According to the plan, the samples should return to Earth on 18 November, and Professor Grimm will study the impact on the cancer cells of ten days of real weightlessness in space – a research project that, when all comes to all, could contribute to new opportunities for treating cancer.

This research project is just one of seventeen biological and medical experiments taking place right now on the Shenzhou 8 spacecraft.

Read more about the project:

Read more about Daniela Grimm’s research

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PFC substances increase risk of breast cancer Fri, 18 Nov 2011 16:16:56 +0000

A new research project involving Greenland women with breast cancer shows for the first time a clear link between the risk of breast cancer and exposure to perfluorocarbons found in products such as raincoats, pizza trays and baking paper. More substances ought to be prohibited according to the Aarhus University researcher behind the study.

Breast cancer is the most common form of cancer in women in the Western world. In Denmark alone, approximately 4,000 women are diagnosed with breast cancer every year, and the number is growing. Research results from Aarhus University indicate that the commonly used perfluorocarbons, also known as PFC substances, can be a risk factor for developing breast cancer. PFC substances belong to the group of so-called POPs (persistent organic pollutants), which are resistant to degradation.

“Our studies show that, compared with women in the control group, the women with breast cancer in the study had significantly higher blood levels of not only PFC substances, but also chemicals such as PCB and organic pesticides known to be resistant to degradation in the environment. It appears that the high levels of these substances cause hormonal disturbances in addition to presenting a risk for the development of breast cancer,” says Centre Director and Professor in Human Environmental Toxicology, Eva Bonefeld-Jørgensen from Aarhus University, who continues:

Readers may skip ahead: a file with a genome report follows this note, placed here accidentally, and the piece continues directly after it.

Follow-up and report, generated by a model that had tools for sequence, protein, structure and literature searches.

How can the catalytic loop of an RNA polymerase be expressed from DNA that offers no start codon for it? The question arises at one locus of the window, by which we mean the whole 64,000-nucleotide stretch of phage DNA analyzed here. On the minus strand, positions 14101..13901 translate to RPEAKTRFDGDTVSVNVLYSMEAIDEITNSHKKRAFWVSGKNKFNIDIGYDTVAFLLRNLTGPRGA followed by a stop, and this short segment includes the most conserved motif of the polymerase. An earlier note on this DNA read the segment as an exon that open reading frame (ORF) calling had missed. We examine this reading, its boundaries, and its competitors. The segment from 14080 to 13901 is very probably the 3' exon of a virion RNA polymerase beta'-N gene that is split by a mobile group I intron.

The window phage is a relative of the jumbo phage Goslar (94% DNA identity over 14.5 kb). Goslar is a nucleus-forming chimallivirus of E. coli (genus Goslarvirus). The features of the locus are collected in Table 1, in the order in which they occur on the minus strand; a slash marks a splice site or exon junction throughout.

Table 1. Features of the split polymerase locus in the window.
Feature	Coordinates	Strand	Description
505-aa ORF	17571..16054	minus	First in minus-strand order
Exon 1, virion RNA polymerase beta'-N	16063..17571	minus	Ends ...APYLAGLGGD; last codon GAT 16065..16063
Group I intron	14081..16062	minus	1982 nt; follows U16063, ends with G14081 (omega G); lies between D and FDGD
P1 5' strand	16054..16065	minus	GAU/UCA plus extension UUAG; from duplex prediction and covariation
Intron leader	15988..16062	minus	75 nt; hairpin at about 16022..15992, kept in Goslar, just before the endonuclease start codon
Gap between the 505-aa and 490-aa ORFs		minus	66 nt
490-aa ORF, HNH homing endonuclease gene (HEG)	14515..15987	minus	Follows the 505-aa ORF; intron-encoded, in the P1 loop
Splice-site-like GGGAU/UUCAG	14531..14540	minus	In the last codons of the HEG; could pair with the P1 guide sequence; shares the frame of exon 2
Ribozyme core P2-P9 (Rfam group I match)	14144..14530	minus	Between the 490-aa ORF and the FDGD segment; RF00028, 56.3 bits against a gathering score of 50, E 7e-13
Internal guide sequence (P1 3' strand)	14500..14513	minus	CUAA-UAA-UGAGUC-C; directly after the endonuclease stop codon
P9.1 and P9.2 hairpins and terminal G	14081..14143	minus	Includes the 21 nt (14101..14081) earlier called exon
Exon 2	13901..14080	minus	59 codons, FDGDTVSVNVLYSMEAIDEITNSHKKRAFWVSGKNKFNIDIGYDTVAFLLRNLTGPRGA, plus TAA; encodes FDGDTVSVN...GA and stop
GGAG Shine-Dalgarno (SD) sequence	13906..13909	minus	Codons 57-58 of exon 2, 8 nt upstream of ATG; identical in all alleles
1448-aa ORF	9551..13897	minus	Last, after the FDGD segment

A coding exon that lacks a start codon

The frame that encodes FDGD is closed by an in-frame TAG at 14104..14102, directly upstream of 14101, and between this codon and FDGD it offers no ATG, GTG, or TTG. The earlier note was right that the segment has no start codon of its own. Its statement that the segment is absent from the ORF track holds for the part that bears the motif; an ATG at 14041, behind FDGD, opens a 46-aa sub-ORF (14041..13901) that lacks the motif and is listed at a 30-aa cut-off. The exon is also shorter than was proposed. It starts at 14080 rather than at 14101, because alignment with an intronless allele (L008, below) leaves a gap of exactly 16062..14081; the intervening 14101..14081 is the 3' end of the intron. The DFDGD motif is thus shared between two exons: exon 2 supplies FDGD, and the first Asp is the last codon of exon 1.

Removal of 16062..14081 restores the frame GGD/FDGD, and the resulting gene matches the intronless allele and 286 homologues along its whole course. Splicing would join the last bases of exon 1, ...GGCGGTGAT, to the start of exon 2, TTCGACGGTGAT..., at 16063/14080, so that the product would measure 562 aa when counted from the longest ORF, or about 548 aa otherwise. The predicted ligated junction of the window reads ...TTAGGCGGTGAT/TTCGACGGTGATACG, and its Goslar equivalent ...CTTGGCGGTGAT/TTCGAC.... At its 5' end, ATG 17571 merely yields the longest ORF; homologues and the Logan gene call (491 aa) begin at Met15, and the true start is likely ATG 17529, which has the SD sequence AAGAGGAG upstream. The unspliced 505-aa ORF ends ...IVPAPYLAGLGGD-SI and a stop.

“We already know that a number of environmental chemicals, including PCB, cause hormonal disturbances, and that high levels of the substances constitute a risk factor for developing breast cancer. However, it hasn’t previously been documented that PFC substances, which are commonly used in the industrial sector, constitute a significant risk factor in the development of breast cancer, probably because it was generally believed that the substances didn’t accumulate in the body due to their insolubility in fat.”

Professor Bonefeld-Jørgensen has researched hormone-disturbing substances for the last fifteen years. She and a number of other researchers from Aarhus University, Greenland and Canada studied thirty-one Greenland women diagnosed with breast cancer during the period 2000–2003. This corresponds to more than 80% of all Greenland women diagnosed with breast cancer during that period.

More knowledge about risk factors

In the study, the researchers compared questionnaires and blood samples from women suffering from breast cancer with a control group of 115 healthy Greenland women. The blood samples were analysed for hormone-disturbing substances and the amount of POP substances, including PFCs.

Professor Bonefeld-Jørgensen reports that breast cancer was a relatively unknown phenomenon in Greenland until 1966, but there has been a significant increase in the number of cases since then. One of the reasons for studying breast cancer in Greenland women was thus the opportunity to learn more about the causes of the disease.